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Lisa: There really isn’t any appeal for me to carry around my whole library in one device. I have around 100 books on my Kindle and it drives me crazy because I easily loose track of all of them and what books are actually on there. Looking at the title on the Kindle doesn’t give me very much information, but looking at a book cover is easier to jog my memory about a book. If I traveled a lot, I would probably never part with my ereader, but most of my reading is done in the comfort of my home. Convenience has never really been an issue for me when it comes to reading. Not having any book, print or ebook??? Well that would be pretty damn inconvenient for me!
Stephanie: Now this I part I love. My Nook is so very convenient. I am carrying around 100+ books in my purse everyday. There is no way that I’m reading that many at a time but it’s like a security blanket. I like to have it with me! I have to drive an hour to get to a good bookstore. If I can’t get there than I have to wait a week to get it in the mail. The ease of just clicking, downloading and backing up a file is amazing to me. I don’t have to go out of my way for it at all. Hello instant gratifacation! My name is Stephanie.
Lisa: No contest here. Print books win hands down. On an ereader, I’ve read dozens of books and they all had the same look, feel, weight. It’s boring! Print books come in different shapes, sizes, fonts. There is no better feeling than holding a book in your hand, flipping through the pages, glancing at the cover, reading the synopsis on the back. It is one of my favorite things about reading. Plus, I will never ever ever ever give up my library. I curl up in my big comfy chair, surrounded by my 1200 book and know I am home and at peace. Basically, I read to get away from the stress of the worlds and that includes technology. I want my smelly, colorful paper book!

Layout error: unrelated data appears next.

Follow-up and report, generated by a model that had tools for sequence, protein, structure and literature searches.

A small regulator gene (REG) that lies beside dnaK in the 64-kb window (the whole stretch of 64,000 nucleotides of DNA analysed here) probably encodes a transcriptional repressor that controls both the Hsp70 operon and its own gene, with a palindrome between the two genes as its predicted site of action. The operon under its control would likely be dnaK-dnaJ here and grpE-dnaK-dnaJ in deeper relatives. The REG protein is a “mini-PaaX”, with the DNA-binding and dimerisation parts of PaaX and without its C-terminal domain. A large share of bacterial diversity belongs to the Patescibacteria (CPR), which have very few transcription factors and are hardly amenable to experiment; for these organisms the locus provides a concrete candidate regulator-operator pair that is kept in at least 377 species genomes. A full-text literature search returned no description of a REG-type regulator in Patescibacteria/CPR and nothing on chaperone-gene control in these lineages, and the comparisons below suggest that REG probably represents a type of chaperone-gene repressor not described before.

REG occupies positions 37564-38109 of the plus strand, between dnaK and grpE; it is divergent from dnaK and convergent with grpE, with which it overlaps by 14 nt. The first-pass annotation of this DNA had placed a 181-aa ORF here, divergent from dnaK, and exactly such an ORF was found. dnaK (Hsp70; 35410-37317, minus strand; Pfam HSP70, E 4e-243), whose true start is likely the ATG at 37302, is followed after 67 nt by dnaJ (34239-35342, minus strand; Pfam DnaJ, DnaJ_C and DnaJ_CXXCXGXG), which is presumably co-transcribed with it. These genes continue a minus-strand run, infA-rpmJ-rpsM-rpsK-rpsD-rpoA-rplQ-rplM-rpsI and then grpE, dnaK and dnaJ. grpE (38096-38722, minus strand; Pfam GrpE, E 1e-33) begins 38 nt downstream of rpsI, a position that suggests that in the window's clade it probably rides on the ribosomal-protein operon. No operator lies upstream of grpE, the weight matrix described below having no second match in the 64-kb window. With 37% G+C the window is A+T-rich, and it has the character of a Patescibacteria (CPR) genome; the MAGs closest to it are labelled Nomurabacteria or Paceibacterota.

Stephanie: Now this is where ebooks are just lacking. I like the shine and weight of my Nook but there is just something about a real paper book. I think only other book nuts are going to understand what I say next. There is something borderline therapeutic about picking up a beloved book and just flipping through the pages or admiring the cover. You just don’t get that with an ebook. I do like that the weight is always the same and that my hands and arms don’t get tired when holding it.
Lisa: It is a shame that in some cases ebooks do not have the same membership benefits as do most print books. Really though, I don’t see how this can last very long. Eventually, ebook sellers and publishers will have to reach some sort of agreement in order to satisfy their customers. I think publishers are trying to milk this for all it’s worth as long as they can…it’s only a question of how long it will last.
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Stephanie: Another subject that infuriates me when it comes to the electronic world. Certain publishers seem to think that it is below them to allow places like Borders and Barnes and Noble to use their member pricing. You also can’t use coupons on an ebook. Sometimes it’s just so much cheaper to get the real book. I guess I just don’t understand where the publishers are coming from